A beta version of the performance dashboard is currently available for most Snowflake, Bigquery, Redshift customers.
The dashboard can help users proactively identify performance issues, or investigate a known performance issue. It aims to help answer questions such as
- "One of my Snowflake warehouses' cost increased this past week, I want to know what caused it."
- "I want to identify any slow dbt models and optimize the ones that are bottlenecking my dbt job."
- "I want to understand the experience of data product consumers and identify if any dashboard queries need to be optimized to improve the end consumers' experience."
To illustrate how to leverage the dashboard to answer some of these questions, let's take an example, "I noticed higher costs for my Snowflake warehouse TRANSFORMING_2 in mid-June and I wonder what caused it".
First, I would select the one-week time period covering the cost increase, filter for queries in that warehouse TRANSFORMING_2, set the metrics toggle on "total" (as hourly aggregation metric), and then look for the slowest queries. I noticed the runtime spikes across numerous queries on 6/15.
In order to understand why that happened, I can click into the slowest query to see its details. In the Details view I can see via the synced volume chart that no obvious volume increase happened around that date and the table volume trend looks relatively smooth, so it's likely not caused by rows added to the table.
However, I do notice from the runtime chart breakdown that the query queue time took up most of the total runtime on that day, so the slowness is coming from queries on that warehouse being queued up.
I can also find the peak run of the query and dive into the metadata details for it, to check for detailed queue time info, cache scanned, partitions info etc for other insights.
I might also drill into a few other slowest queries in this warehouse to see if they are all caused by queue time, then figure out if it might require upsizing the cluster or moving some of the queries to other clusters. This process helps drill into the details of a performance issue to find causes and then optimize.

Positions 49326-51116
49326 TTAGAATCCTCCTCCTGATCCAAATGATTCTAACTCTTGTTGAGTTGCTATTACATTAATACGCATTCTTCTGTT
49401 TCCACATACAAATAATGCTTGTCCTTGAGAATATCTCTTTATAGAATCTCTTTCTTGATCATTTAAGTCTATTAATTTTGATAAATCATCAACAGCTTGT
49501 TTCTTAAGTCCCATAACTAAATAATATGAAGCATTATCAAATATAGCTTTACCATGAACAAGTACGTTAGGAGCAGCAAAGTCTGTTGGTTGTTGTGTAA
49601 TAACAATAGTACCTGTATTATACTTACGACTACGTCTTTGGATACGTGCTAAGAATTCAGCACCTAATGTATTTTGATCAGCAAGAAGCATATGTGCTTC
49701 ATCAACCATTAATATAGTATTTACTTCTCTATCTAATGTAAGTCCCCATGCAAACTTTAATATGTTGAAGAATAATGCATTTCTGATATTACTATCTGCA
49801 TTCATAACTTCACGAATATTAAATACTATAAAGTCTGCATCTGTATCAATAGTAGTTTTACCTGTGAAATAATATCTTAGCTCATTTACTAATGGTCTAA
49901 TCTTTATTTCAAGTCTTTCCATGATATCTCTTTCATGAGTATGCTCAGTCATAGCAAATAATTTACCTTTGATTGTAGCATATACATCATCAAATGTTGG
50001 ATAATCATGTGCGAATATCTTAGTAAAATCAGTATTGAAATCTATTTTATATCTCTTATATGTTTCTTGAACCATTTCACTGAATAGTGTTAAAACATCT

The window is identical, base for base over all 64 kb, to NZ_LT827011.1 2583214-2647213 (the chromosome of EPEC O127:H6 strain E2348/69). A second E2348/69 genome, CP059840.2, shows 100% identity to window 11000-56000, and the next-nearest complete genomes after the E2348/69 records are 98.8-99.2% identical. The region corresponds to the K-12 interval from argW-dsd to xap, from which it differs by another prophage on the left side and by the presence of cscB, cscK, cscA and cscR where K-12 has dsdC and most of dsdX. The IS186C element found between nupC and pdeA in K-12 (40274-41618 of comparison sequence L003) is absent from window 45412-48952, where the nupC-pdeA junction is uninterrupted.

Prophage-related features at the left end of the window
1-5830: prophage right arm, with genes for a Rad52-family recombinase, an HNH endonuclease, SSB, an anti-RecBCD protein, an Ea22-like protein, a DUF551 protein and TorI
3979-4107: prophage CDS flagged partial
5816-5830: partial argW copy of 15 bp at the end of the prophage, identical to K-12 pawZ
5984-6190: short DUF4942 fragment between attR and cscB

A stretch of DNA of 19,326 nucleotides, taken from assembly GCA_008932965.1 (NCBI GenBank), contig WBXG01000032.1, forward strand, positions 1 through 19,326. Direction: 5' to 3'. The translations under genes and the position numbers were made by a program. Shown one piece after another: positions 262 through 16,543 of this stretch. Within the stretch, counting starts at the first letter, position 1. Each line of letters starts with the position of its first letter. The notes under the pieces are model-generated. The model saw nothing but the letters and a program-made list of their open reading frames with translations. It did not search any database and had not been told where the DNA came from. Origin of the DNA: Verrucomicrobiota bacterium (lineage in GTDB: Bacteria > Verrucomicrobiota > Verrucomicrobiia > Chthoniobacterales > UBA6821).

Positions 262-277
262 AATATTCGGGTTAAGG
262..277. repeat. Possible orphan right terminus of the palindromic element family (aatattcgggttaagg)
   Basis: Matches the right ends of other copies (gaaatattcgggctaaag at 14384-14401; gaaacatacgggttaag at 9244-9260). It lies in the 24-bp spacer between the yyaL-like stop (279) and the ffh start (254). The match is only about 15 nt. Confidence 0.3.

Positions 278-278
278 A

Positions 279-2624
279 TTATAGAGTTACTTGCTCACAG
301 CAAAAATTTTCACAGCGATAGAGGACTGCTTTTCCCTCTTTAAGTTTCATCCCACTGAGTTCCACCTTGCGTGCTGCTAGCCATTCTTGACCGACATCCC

You might have noticed a query for a dbt model has slowed down recently, and you want to know if it's bottlenecking the dbt job that the model is part of. You can click into the query details drawer to identify the dbt job and the dbt job run a query is part of, and click into the dbt run to investigate.
That will take you to a gantt view for the dbt job run, where you can easily see what are the upstream and downstream dependencies for the slow model. Then you can determine if any models upstream are blocking the model of interest, or if any downstream models are bottlenecked by it, so that you can decide whether you need to optimize the runtime of the model.
The gantt chart on asset page is available as long as you have dbt integration set up. The ability to link queries to dbt job runs requires query tagging per instructions here for dbt core, and here for dbt cloud.
If I want to know if my Looker users are experiencing long wait time when they refresh dashboards, I can leverage the Read Queries (SELECT queries) tab to identify slow queries under the "Looker" User filter. In the example below, I see a spike on Sept 13th where the 99th percentile query ran for over 500 seconds and 95th percentile ran over 300 seconds, which means users were waiting for 5min+ for the looker dashboard to refresh. The table below lists those slowest queries and I can expand each row to investigate and optimize as needed.
Given the product is in beta, there are a number of limitations that will be addressed going forward:
- The queries are not filtered by domains yet
- Only the most recent 4 weeks of queries are available currently
- The product is currently not available for Databricks and data lakes accounts
Updated 16 days ago